The U.S. Dollar: Good as Gold?

by Thomas D. Blackburn, Ph.D.
Part 5

The consequence of supplying a good or service for which there is not adequate demand to make it profitable to do so, is that resources are misused. Misused in the sense that those resources would better serve people if they were applied to a different good or service. If a businessperson tried to supply a good or service for which there was not adequate demand, bankruptcy would result, and the misuse of resources would end. Those resources would then be available for others to use. That is because in a free market, resource allocations are self-correcting.

The efficiency of the market place is terrifying to some people. It requires business leaders to be on their guard against shifts in consumer preferences at all times. The current situation in the computer industry illustrates this phenomenon. IBM's leaders thought that mainframe computers were always going to dominate the market. Rather than develop their own line of personal computers, they bought off-the-shelf pieces from suppliers and assembled them. Personal computers took off while the demand for mainframe computers sagged dramatically - to the point that a once-great company is now in search of a mission. William Akers, the former Chairman and President of IBM, was fired and someone new was hired to try and save the company.

Meanwhile, Microsoft, a software company that writes operating systems and programs for IBM and compatible personal computers, is doing very well. Its Chairman and co-founder, Bill Gates, is worth over $100 billion according to Forbes magazine's list of the wealthiest individuals in the world. This example illustrates the point that when the free market is allowed to function without artificial constraints, whatever people want is what businesses furnish. When dollars are diverted from the market place by government spending, strange things begin to happen. Instead of products that consumers want being produced, the money is spent on other goods and services; goods and services that people would not choose if they had control of the purchase decision. If people were to see directly that the spending the government was doing was forcing them to forego goods and services they wanted more, people would be up in arms. This is why the government tries to find a way to pay for its spending programs without doing the obvious thing of raising taxes to balance the budget. Money spent by the government serves to get politicians reelected. We all want the programs we favor to be continued. If spending is to be cut, we want our politician to cut it somewhere else. It is this kind of pressure that causes elected officials to favor continued spending for every existing program, for nobody wants to go on record as wanting to cut your favorite program. They vote to continue spending even though they know they are destroying the Dollar. When our Dollar will no longer buy anything, they will all point the finger at someone else.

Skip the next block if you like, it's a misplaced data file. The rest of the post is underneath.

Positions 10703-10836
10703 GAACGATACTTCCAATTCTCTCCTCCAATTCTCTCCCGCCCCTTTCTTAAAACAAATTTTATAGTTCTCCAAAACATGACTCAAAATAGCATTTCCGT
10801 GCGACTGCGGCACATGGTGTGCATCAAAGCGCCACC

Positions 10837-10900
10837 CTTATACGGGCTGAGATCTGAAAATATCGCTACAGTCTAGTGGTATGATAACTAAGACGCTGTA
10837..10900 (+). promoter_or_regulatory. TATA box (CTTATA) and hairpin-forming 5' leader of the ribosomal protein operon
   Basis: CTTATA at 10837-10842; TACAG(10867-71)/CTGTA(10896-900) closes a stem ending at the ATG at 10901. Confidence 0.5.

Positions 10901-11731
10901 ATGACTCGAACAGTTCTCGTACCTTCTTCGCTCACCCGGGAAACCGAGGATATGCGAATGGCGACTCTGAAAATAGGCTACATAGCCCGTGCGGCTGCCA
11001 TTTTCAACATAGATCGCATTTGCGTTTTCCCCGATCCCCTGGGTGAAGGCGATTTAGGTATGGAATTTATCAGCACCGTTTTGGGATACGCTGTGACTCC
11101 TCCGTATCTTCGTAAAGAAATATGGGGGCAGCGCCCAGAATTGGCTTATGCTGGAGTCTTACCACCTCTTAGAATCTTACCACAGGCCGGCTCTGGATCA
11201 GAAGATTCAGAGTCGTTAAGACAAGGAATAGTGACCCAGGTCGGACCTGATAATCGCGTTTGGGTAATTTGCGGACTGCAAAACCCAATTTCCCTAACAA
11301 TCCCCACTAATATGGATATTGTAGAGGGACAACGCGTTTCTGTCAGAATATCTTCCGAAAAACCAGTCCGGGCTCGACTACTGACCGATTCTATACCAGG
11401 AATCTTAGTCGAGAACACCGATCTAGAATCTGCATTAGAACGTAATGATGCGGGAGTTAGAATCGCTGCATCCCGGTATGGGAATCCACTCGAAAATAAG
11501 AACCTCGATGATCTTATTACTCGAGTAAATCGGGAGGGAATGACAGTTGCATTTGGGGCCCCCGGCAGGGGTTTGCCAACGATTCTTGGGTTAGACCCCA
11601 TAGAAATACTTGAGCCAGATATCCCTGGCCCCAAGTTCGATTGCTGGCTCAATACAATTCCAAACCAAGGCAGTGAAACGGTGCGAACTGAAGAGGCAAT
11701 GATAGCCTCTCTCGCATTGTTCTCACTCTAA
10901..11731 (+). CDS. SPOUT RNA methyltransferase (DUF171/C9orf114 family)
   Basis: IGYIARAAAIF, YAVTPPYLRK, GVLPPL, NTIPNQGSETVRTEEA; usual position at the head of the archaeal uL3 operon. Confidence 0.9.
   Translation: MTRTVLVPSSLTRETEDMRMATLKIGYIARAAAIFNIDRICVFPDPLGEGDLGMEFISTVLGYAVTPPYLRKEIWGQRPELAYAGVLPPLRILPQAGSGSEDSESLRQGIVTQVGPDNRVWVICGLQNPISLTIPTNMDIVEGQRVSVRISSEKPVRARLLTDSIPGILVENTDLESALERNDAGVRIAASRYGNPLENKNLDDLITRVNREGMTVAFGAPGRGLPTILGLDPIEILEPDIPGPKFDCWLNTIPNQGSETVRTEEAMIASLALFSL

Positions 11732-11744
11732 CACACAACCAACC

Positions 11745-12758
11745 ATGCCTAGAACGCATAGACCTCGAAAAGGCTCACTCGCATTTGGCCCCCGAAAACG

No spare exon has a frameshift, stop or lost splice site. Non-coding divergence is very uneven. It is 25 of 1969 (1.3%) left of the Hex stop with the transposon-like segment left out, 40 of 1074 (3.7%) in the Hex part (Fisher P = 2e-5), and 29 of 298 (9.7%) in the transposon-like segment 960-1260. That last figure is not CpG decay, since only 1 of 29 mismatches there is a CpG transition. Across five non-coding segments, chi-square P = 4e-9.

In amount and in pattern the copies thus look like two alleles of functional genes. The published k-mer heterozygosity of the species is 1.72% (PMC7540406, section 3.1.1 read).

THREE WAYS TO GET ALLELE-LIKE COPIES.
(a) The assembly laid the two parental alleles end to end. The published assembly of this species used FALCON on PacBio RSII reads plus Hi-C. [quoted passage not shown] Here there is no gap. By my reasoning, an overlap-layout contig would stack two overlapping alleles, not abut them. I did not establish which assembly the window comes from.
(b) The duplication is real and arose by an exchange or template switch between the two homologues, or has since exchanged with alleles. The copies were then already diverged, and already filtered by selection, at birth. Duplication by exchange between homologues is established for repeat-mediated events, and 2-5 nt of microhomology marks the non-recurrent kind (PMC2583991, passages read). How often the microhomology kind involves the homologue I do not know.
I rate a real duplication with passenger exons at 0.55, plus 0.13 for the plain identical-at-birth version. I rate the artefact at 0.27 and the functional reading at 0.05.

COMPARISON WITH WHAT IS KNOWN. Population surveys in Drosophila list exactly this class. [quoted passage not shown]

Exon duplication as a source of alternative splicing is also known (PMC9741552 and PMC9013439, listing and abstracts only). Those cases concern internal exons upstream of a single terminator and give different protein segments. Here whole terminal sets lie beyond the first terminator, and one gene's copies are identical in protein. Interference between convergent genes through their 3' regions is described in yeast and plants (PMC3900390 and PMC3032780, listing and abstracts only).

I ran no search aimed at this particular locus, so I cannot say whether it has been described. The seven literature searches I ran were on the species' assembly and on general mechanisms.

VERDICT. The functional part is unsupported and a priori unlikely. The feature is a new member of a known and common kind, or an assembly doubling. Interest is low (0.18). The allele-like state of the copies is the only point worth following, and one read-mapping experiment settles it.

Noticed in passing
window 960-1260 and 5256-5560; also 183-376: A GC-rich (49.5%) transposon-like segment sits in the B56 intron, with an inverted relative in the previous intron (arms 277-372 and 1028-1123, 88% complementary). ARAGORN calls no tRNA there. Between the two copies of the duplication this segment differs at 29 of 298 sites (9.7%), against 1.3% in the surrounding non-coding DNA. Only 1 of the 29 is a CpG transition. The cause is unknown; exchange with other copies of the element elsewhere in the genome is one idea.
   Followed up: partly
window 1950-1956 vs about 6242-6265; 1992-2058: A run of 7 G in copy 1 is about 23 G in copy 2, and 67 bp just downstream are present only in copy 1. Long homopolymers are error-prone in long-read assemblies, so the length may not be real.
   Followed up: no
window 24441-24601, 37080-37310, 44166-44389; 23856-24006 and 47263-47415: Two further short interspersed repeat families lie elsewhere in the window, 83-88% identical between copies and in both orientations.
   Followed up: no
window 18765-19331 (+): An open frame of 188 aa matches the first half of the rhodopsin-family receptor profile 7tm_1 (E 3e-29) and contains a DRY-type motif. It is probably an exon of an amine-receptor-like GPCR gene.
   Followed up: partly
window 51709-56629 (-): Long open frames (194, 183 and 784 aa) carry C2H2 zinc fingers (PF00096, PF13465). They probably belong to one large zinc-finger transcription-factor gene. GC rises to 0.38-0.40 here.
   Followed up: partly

The governments' alternative of raising interest rates high enough to cause people to save enough (buy bonds) to support the spending programs has a lot of problems. When the government raises interest rates, it hurts business. Higher interest rates mean higher costs, which in turn means higher prices. People who are just barely able to make ends meet at current rates cannot afford the higher prices or monthly payments. Further, money that is diverted to government programs is not available for private investment, and not subject to the self-correcting efficiency of the free market.

In terms of the effect on each citizen, private investment generally leads to more goods and services that are in demand being produced. Business people produce whatever their customers will buy. People let businesses know what they want by which of the firms products they buy. Business, when unencumbered by laws and regulations, responds almost instantly to consumer desires. Those who fail to respond eventually go out of business; those who sense the changes earliest have a leg up on their competition.

If we don't do something, we will reach a time when our money will no longer serve as a medium of exchange and a store of value. Unless some hard choices are made soon, the interest on the national debt will exceed the total taxes collected. Still, in the midst of the budget crisis, the President and Congress are adding new spending programs.

We, by giving our government a mandate to spend our money, are insuring that its value will continue to fall. Returning to a gold standard is not a sufficient answer. Roman emperors were on a gold standard, but it didn't stop them from shaving their coins. The U.S. was on a gold standard until the squeeze in the late 1960's forced us off of it. Modern politicians will just as easily devalue the currency when it suits their purposes.

Copyright 2006 by T. D. Blackburn Permission hereby granted to reproduce with this copyright notice included.

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